Influenza vaccines prevent or mitigate infections. They are designed to induce a protective immune response in the body against the viruses represented in the vaccine. When vaccinated, the immune system of the body produces a specific response, consisting of specific T cells and specific antibodies that fight off the infection when exposure to the virus occurs at a later stage. More importantly, vaccination also leads to the induction of a specific immunological memory against the viruses represented in the vaccine. Upon contact with the virus at a later stage, the immune system is able to mount a specific response much more rapidly than the non-primed immune system.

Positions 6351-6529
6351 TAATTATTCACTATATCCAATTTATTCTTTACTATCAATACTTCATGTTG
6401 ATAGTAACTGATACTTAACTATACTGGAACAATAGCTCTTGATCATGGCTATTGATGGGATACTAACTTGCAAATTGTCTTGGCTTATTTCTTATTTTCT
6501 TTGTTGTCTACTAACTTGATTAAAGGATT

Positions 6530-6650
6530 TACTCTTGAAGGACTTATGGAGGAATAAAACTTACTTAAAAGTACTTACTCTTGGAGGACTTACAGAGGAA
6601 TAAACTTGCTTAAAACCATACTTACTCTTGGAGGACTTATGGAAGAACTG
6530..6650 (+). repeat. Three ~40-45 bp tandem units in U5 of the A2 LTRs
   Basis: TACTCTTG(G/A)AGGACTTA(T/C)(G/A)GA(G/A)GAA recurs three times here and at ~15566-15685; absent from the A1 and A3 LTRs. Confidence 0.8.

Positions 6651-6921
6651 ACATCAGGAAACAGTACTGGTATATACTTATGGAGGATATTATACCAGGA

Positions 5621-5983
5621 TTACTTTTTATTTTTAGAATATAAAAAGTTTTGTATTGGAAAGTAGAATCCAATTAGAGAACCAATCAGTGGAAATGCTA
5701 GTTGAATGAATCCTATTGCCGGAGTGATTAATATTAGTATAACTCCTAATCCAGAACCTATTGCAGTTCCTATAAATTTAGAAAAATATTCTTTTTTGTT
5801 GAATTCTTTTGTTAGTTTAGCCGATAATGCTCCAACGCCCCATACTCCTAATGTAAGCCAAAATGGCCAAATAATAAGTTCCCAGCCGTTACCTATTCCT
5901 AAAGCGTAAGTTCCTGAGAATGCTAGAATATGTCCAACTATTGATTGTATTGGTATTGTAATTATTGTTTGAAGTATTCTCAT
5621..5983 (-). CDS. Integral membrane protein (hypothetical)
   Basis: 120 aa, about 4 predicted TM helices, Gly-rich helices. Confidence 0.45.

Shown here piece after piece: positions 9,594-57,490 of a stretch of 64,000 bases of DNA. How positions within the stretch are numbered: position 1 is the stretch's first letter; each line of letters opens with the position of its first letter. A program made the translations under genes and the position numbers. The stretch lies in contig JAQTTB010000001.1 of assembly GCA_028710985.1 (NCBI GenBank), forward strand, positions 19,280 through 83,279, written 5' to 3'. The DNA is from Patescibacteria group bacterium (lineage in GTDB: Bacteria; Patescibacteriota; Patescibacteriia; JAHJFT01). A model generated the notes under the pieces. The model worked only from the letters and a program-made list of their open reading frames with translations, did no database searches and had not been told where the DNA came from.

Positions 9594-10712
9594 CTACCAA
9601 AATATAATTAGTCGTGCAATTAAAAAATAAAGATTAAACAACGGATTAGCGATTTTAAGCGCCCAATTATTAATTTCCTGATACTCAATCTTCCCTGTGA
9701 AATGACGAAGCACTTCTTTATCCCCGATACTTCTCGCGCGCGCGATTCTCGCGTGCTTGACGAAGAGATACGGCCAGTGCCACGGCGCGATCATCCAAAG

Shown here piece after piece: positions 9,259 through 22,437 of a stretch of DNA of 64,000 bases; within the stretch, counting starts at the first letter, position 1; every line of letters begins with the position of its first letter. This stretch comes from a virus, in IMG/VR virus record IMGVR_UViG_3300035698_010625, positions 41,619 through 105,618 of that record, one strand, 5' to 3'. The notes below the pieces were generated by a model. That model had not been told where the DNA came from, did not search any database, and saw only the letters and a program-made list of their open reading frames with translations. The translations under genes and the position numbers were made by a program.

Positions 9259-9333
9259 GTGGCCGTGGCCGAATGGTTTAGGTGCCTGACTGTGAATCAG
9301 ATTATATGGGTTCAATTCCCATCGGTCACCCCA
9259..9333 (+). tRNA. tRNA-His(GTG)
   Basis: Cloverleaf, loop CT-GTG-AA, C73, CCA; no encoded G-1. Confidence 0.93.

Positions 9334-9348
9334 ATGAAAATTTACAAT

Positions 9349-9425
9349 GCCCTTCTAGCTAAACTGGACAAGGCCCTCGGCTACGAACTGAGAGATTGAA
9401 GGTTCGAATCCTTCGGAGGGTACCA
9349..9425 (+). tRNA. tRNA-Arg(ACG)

Antibiotics are medicines that interfere with the reproduction of bacteria and are, therefore, only useful for treating bacterial infections. Viral diseases, like influenza, can therefore not be treated with antibiotics. What is worse, inappropriate use of antibiotics contributes to the development of antibiotic resistance, a growing health concern. Secondary bacterial infections that may occur in tissues that have been damaged by influenza virus infection may well be treated with antibiotics